I have spent the last year and a half, traveling the world talking to groups of various sizes about the need for improving the health of our technology cultures and communities.
- I’ve talked about the need for and strategies for mentoring.
- I’ve encouraged individuals from underrepresented groups to share their stories.
- I’ve given 100s of hours of my time “having coffee”, in an effort to help people successfully transition into tech.
- I’ve conducted research on the economic and business arguments for inclusion and diversity for gaining competitive advantage.
- I host and produce a podcast designed to have honest and frank conversations about inclusion and diversity in tech.
- I’ve listened to stories of people who have been harmed by past and current exclusionary practices in tech.
- I’ve designed and facilitated curricula focused on providing the information leadership and decision makers need in order to make effective changes in these areas.
- And everyday, I read a new story about how some organization or community is now dealing with the fallout of piss poor policies, processes or procedures.
And for all of the accolades I’ve received for doing this and so much more, I have yet to be paid to do the work that I constantly see people on social media complaining isn’t happening.
Because it’s easy to complain.
Yes, it often comes from a place of pain but complaining is a sign that you’ve come to accept the pain as normal. It’s uncomfortable and often annoying but you are still able to go through your day until you see or hear something that reminds you of your pain, which justifies more complaining.
So as I listen and watch people, organizations, and communities in tech increasingly expose, to the world, their issues with inclusion and diversity, a part of me wants to complain.
- I want to complain about white men expressing their surprise that a person with my level of experience and expertise has to start each conversation with my list of credentials before some people will even entertain what I have to say, when they have none and are instantly seen as experts when they talk.
- I want to complain that I’m constantly asked to provide proof of my success at various scales, even after I’ve given a 50 minute presentation, when I’m in an industry that at its foundation is about experimentation and that there is no one-size-fits-all solution for addressing these very complex and often explosive issues.
- I want to complain that I’ve discovered that this is a clever way of getting consulting advice for free.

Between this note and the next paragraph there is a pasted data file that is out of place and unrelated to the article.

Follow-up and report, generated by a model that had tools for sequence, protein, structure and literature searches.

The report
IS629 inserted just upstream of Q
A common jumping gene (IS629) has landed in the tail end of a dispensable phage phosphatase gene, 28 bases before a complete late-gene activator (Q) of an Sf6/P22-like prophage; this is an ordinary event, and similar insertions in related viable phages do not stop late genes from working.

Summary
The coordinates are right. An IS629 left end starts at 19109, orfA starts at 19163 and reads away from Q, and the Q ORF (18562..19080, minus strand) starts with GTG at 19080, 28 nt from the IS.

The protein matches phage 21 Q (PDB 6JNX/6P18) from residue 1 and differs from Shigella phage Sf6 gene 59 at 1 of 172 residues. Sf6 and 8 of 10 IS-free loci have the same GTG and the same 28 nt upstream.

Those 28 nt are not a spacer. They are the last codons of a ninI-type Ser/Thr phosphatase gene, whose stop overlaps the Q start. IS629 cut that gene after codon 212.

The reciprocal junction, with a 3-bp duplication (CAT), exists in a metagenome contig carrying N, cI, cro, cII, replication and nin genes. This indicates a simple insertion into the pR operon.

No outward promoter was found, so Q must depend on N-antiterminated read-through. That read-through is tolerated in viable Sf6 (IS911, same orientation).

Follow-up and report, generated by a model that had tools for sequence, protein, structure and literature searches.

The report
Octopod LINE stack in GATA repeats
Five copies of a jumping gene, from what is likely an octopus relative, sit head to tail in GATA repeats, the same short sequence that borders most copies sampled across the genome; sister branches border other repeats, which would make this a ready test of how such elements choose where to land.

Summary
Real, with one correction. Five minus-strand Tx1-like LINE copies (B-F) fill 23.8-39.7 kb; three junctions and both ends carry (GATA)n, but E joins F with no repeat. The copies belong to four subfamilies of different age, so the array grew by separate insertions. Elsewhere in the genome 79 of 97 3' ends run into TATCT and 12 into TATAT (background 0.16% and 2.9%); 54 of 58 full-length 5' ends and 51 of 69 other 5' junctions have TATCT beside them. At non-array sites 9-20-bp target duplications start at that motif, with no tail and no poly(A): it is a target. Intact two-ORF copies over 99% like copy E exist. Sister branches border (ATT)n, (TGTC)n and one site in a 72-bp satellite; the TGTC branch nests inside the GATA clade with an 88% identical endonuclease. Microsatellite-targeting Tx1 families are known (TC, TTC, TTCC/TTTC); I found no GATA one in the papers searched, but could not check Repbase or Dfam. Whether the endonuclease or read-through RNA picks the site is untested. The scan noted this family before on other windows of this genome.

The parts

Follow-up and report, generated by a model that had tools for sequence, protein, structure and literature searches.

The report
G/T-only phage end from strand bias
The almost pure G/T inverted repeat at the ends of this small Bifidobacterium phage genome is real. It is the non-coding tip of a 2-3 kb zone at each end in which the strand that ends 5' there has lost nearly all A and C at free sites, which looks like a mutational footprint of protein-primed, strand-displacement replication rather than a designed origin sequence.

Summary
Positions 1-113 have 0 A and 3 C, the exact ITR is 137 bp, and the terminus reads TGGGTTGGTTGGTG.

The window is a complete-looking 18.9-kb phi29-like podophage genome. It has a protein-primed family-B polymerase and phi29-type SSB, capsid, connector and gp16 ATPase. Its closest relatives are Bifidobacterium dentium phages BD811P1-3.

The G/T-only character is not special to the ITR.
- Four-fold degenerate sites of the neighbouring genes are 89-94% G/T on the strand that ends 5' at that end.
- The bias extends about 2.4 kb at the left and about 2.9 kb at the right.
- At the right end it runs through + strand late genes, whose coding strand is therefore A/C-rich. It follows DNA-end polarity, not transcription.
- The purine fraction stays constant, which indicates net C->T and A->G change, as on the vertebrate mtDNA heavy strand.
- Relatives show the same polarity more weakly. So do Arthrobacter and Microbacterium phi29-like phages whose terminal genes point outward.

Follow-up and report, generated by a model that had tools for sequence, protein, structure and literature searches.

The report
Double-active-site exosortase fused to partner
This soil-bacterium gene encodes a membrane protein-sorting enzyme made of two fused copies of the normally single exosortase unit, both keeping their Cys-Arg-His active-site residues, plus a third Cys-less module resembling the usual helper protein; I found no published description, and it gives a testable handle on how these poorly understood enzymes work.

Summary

- I want to complain about the fact that people assume that anyone can do my job and that my years of experience learning to manage group dynamics, designing approaches for differentiated instruction, and the expenditure of more money than I care to share in order to develop a well-rounded understanding and practical knowledge of successful business practices aren’t contributing factors for my unique perspective.
- And I could go on.
But honestly, what would be the point? Complaining is reactive in nature and there’s no “real” power in being reactive.
So if we’re not complaining, which is the reactive thing to do, what is the answer?
What is the proactive way to improve the discourse and health of our communities and organizations?
We Stop Complaining and We Take Action!
We admit that we have a problem.
We recognize that we have challenges that only someone with specialized skills can help us solve.
We would never think of substituting the star quarterback, during the Super Bowl, on a game winning play with someone who is not equally or better able to handle themselves in such a high pressure situation.
We demonstrate that we value these issues by allocating resources, including lots of money, to funding people and projects. There is no reason, with all this complaining, that someone like myself should have to start a Patreon campaign. I am running a business!
The work I do is no different than any other role that is well-paid in tech, except that it is the role that the foundation of your entire organization’s or community’s reputation rests on.
So yes, the issues of inclusion and diversity in tech are hard and painful to address.
But how bad does it have to get before we stop complaining and get to work?
You can contact me on Twitter: KimCrayton1 or email: Kim@KimCrayton.com